John B. Goodenough, M. Stanley Whittingham and Akira Yoshino were jointly awarded the Nobel Prize in Chemistry for their development of lightweight lithium-ion batteries, the Royal Swedish Academy of Sciences has announced.
“Lithium-ion batteries have revolutionized our lives and are used in everything from mobile phones to laptops and electric vehicles,” the Nobel Prize committee said in a statement following the announcement. “Through their work, this year’s Chemistry laureates have laid the foundation of a wireless, fossil fuel-free society.”
Lithium-Ion Batteries have also revolutionized video, audio and a wide range of smaller tools used by broadcasters and content producers.
Whittingham, a professor at Binghamton University, State University of New York, began developing methods for fossil fuel-free energy technologies starting in the 1970s and discovered a cathode — or a type of electrical conductor through which electrons move — in a lithium battery. His discovery resulted in the first functional lithium battery.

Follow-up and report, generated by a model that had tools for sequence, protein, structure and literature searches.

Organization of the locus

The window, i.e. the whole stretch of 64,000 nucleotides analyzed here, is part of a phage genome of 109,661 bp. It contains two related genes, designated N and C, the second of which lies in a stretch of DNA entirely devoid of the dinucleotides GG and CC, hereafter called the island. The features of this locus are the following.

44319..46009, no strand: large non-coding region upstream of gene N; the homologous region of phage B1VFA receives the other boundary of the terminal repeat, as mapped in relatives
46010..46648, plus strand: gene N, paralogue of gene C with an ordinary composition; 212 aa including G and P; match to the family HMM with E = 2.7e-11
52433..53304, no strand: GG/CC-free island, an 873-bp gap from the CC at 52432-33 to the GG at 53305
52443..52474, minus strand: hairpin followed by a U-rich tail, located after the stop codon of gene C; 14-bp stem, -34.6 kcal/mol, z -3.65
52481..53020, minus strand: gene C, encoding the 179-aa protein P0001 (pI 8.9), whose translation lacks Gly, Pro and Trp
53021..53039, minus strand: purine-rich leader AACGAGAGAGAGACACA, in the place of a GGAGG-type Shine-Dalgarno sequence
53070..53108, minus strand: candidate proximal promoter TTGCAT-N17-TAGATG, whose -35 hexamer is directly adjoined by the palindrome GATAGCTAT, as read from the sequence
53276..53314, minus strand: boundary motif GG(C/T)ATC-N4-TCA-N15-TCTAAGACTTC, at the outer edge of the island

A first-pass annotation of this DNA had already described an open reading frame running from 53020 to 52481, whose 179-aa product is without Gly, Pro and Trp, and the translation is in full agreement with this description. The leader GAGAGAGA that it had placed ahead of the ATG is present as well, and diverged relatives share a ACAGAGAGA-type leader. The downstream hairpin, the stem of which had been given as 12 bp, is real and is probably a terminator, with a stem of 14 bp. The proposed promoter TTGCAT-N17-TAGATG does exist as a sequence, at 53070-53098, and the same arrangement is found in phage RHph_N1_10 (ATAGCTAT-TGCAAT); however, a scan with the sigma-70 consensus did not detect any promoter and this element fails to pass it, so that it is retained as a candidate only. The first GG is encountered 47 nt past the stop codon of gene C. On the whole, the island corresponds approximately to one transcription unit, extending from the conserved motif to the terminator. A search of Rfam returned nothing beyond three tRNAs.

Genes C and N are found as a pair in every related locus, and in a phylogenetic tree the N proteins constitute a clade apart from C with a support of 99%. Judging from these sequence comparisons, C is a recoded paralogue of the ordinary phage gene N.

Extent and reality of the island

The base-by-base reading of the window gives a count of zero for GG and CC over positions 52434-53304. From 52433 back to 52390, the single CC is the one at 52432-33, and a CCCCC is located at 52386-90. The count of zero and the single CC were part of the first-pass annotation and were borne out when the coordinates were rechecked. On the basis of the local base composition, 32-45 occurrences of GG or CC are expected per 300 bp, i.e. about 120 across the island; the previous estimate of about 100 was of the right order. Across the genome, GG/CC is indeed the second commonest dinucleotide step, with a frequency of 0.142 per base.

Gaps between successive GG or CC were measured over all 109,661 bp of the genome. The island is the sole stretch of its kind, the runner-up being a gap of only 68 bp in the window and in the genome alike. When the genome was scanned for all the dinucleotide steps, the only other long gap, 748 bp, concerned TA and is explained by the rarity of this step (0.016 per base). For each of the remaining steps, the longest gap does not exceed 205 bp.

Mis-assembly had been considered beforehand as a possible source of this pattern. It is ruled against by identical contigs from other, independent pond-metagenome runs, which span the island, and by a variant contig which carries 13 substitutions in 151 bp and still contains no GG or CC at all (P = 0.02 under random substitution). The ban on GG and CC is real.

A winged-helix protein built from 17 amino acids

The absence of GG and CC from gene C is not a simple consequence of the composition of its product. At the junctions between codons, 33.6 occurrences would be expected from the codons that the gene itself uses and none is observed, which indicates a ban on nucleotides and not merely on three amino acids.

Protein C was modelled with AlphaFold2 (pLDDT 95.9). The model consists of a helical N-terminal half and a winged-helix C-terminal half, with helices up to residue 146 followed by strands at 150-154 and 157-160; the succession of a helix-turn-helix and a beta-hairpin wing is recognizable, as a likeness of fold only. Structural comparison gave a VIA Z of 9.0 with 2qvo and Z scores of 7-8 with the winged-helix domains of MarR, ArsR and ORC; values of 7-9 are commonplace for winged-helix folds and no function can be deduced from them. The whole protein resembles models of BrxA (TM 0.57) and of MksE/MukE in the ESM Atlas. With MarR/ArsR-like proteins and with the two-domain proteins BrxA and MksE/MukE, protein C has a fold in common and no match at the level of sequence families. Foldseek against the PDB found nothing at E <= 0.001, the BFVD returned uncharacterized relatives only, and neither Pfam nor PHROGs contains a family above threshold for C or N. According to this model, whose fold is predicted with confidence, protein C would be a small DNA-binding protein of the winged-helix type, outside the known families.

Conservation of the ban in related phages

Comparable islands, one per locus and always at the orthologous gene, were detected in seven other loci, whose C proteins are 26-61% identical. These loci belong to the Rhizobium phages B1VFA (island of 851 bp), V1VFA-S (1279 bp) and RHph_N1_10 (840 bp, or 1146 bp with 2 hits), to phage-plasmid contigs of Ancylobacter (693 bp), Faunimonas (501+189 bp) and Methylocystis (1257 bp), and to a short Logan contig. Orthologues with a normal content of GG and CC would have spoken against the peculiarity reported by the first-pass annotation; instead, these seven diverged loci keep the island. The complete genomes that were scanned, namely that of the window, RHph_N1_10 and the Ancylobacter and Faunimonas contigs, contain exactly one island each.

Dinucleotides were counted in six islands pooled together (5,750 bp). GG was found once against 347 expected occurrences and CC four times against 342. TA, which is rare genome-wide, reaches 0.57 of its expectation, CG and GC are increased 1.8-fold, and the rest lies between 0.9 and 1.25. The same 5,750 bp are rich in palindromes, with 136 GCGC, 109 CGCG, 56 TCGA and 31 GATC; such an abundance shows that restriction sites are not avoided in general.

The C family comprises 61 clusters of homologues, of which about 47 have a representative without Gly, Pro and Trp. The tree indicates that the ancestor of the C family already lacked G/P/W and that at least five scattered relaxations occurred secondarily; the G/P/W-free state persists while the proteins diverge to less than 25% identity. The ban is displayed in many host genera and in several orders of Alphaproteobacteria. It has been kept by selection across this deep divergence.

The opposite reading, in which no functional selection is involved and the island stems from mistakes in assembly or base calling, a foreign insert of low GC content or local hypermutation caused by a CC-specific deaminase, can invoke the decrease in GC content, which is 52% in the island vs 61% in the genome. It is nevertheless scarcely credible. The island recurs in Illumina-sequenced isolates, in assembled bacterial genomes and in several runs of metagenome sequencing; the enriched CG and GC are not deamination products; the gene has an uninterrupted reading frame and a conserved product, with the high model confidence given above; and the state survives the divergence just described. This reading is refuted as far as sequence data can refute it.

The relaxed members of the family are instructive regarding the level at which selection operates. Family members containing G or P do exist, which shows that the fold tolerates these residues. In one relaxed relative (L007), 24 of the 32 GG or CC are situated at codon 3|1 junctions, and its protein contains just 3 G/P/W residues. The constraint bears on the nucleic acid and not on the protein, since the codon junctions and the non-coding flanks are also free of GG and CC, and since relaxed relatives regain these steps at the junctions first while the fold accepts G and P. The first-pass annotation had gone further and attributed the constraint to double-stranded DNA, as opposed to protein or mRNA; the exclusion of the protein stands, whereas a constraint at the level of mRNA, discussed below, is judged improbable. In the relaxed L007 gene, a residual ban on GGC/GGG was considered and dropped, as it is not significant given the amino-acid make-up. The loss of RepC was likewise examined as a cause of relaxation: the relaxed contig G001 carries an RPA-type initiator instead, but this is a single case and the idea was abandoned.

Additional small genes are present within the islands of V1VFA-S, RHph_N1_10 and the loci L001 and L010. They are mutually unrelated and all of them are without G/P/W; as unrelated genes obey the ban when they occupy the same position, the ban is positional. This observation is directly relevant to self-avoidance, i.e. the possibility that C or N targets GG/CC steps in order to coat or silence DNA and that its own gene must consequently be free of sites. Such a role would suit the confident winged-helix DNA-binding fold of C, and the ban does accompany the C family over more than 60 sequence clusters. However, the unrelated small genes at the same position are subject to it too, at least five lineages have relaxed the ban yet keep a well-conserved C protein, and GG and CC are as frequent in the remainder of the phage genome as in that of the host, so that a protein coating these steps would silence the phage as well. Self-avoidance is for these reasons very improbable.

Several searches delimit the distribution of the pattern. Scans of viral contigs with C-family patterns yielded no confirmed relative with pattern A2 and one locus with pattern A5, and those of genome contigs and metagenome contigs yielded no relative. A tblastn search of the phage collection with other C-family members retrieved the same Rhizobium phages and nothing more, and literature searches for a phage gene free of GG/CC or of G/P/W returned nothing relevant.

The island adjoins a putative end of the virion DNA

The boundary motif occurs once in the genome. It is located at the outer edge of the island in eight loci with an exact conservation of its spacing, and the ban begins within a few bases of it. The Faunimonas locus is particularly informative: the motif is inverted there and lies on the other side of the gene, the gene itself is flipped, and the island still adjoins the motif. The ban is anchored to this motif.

The other two scientists developed new innovations based on that battery.
Goodenough, a professor at the University of Texas at Austin, discovered that the cathode would have greater potential if it were made with a different material and showed that cobalt oxide with intercalated lithium ions could produce a higher voltage.
Yoshino, an honorary fellow for the Asahi Kasei Corp. in Tokyo and a professor at Meijo University in Nagoya, Japan, then eliminated pure lithium from the battery, instead using only lithium ions, which are safer. He created the first commercially viable lithium-ion battery in 1985.
Since Lithium-Ion Batteries were introduced to the market in 1991, their light weight made portable electronics a staple of modern life.
The batteries contribute to reducing the impact of climate change by enabling a switch from fossil fuel energy to renewable and sustainable forms.
“Development of these batteries is a huge step forward, so we that we can really store solar and wind energy,” said Sara Snogerup Linse, the chairwoman of the Nobel Committee for Chemistry.
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